Glenlogie or Jean o Bethalnie

No: 238; variant: 238E

  1. THERE were four-and-twenty ladies dined i the Queen’s ha, And Jean o Bethelnie was the flower o them a’.
  2. Four-and-twenty gentlemen rode thro Banchory fair, But bonny Glenlogie was the flower that was there.
  3. Young Jean at a window she chanced to sit nigh, And upon Glenlogie she fixed an eye.
  4. She calld on his best man, unto him did say, O what is that knight’s name? or where does he stay?
  5. ‘He’s of the noble Gordons, of great birth and fame; He stays at Glenlogie, Sir George is his name.’
  6. Then she wrote a broad letter, and wrote it in haste; To send it Glenlogie, she thought it was best.
  7. Says, O brave Glenlogie, unto me be kind; I’ve laid my love on you, and told you my mind.
  8. Then reading the letter, as he stood on the green, Says, I leave you to judge, sirs; what does women mean?
  9. Then turnd about sprightly, as the Gordons do a’: ‘Lay not your love on me, I’m promisd awa.’
  10. When she heard this answer, her heart was like to break, That she laid her love on him, and him so ungrate.
  11. Then she calld on her maidens to lay her to bed, And take her fine jewels and lay them aside.
  12. ‘My seals and my signets, no more shall I crave; But linen and trappin, a chest and a grave.’
  13. Her father stood by her, possesse:d with fear, To see his dear daughter, possesse:d with care.
  14. Says, Hold your tongue, Jeannie, let all your folly be; I’ll wed you to Dumfedline, he is better than he.
  15. ‘O hold your tongue, father, and let me alane; If I getna Glenlogie, I’ll never have ane.
  16. ‘His bonny jimp middle, his black rolling eye, If I getna Glenlogie, I’m sure I shall die.’
  17. But her father’s old chaplain, a man of great skill, He wrote a broad letter, and penned it well.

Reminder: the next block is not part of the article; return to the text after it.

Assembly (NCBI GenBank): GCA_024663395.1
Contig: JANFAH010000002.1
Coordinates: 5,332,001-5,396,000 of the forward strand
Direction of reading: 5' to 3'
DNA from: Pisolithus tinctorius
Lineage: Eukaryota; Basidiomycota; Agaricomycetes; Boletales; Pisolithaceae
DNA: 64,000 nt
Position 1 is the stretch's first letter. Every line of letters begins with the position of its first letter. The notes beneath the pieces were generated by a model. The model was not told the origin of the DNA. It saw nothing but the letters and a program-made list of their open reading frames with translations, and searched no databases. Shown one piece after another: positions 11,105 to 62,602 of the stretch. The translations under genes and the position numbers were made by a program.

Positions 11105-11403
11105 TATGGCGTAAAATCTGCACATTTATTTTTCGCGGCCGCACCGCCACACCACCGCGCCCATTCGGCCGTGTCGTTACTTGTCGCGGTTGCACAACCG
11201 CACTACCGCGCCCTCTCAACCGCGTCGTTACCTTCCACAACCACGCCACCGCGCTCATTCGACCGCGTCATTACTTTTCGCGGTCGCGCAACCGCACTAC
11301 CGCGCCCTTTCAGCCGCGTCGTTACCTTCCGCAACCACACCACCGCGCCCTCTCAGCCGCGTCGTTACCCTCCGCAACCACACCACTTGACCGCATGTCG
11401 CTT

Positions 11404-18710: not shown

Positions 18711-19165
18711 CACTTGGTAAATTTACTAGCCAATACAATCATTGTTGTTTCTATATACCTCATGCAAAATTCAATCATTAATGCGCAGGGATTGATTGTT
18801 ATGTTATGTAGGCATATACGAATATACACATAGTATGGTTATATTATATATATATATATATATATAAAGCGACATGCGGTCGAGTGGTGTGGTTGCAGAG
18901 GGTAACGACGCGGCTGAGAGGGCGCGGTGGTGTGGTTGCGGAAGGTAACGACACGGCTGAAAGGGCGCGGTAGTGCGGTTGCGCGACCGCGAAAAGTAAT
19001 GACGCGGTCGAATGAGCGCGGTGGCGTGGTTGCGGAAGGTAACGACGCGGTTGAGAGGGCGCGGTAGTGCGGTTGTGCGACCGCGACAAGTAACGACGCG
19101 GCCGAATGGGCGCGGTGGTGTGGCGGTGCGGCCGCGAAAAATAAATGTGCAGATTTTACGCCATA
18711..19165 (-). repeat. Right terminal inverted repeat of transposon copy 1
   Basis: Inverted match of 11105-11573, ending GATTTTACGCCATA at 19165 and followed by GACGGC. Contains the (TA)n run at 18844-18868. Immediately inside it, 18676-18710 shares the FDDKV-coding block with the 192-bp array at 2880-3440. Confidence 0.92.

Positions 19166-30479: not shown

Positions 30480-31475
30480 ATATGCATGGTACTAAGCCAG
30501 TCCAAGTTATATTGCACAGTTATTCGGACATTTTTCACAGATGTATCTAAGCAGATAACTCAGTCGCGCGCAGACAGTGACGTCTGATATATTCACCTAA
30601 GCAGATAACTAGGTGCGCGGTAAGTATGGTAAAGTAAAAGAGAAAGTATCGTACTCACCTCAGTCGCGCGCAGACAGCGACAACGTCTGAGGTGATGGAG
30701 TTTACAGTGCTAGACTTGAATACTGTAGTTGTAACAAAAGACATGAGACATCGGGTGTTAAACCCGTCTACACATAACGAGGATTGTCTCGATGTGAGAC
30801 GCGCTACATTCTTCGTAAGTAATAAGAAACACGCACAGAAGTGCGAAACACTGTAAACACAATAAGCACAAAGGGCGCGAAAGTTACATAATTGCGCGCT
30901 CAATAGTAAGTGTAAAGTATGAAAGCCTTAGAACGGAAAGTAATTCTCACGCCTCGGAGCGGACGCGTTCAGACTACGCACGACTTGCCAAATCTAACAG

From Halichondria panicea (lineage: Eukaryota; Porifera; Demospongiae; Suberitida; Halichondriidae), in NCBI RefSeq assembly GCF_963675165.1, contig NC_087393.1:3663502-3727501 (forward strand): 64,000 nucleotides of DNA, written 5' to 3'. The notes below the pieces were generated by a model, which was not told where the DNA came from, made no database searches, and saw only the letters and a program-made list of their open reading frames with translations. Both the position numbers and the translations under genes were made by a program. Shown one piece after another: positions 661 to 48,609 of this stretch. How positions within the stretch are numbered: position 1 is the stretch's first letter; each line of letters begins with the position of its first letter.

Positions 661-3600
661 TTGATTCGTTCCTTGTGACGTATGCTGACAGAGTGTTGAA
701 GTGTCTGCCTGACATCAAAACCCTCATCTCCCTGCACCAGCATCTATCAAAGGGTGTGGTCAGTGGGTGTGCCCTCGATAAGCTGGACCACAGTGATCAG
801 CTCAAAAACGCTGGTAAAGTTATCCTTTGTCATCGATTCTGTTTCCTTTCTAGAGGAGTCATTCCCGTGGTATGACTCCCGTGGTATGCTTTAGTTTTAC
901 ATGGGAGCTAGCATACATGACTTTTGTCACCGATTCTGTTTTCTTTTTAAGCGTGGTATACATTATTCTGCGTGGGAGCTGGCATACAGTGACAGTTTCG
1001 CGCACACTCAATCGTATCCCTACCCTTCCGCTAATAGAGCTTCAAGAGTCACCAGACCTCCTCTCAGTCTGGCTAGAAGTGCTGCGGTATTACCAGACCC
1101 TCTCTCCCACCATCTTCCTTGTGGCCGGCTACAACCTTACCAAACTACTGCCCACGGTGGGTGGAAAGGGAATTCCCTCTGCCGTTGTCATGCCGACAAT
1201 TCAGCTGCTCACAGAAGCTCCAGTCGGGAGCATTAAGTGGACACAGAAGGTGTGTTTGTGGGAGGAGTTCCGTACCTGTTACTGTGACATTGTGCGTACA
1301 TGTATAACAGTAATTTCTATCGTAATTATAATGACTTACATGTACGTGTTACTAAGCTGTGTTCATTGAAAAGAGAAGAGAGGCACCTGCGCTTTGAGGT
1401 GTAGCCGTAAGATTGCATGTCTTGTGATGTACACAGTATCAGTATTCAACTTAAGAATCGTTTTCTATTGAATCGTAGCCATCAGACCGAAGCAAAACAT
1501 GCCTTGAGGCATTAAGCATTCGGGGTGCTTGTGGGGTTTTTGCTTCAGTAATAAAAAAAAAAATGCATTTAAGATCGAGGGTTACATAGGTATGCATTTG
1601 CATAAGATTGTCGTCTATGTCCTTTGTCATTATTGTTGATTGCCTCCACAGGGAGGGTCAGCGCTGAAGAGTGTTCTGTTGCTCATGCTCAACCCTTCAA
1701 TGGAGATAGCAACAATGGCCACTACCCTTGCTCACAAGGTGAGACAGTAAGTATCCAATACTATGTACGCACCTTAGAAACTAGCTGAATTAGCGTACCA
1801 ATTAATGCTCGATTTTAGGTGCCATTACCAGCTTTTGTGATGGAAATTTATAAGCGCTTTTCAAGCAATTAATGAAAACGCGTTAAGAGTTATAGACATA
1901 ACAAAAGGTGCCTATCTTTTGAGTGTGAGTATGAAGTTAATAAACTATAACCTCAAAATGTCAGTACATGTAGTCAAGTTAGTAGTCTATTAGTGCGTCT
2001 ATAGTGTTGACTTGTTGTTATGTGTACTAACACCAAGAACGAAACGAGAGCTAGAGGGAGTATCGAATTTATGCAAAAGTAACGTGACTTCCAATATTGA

18. Saying, O brave Glenlogie, why must it be so? A maid’s love laid on you, shall she die in her woe?
  19. Then reading the letter, his heart was like to break That such a leal virgin should die for his sake.
  20. Then he calld on his footman, and likewise his groom, Says, Get my horse saddled and bridle:d soon.
  21. Before the horse was saddled and brought to the yate, Bonnie Glenlogie was five miles on foot.
  22. When he came to Bethelnie, he saw nothing there But weeping and wailing, vexation and care.
  23. Then out spake her father, with the tear in his ee, You’re welcome, Glenlogie, you’re welcome to me.
  24. ‘If ye make me welcome, as welcome’s ye say, Ye’ll show me the chamber where Jeannie does lay.’
  25. Then one o her maidens took him by the hand, To show him the chamber where Jeannie lay in.
  26. Before that she saw him, she was pale and wan; But when she did see him, she grew ruddy again.
  27. ‘O turn, bonny Jeannie, turn you to your side; For I’ll be the bridegroom, and ye’ll be the bride.’
  28. When Jeannie was married, her tocher down tauld, Bonny Jean o Bethelnie was fifteen years auld.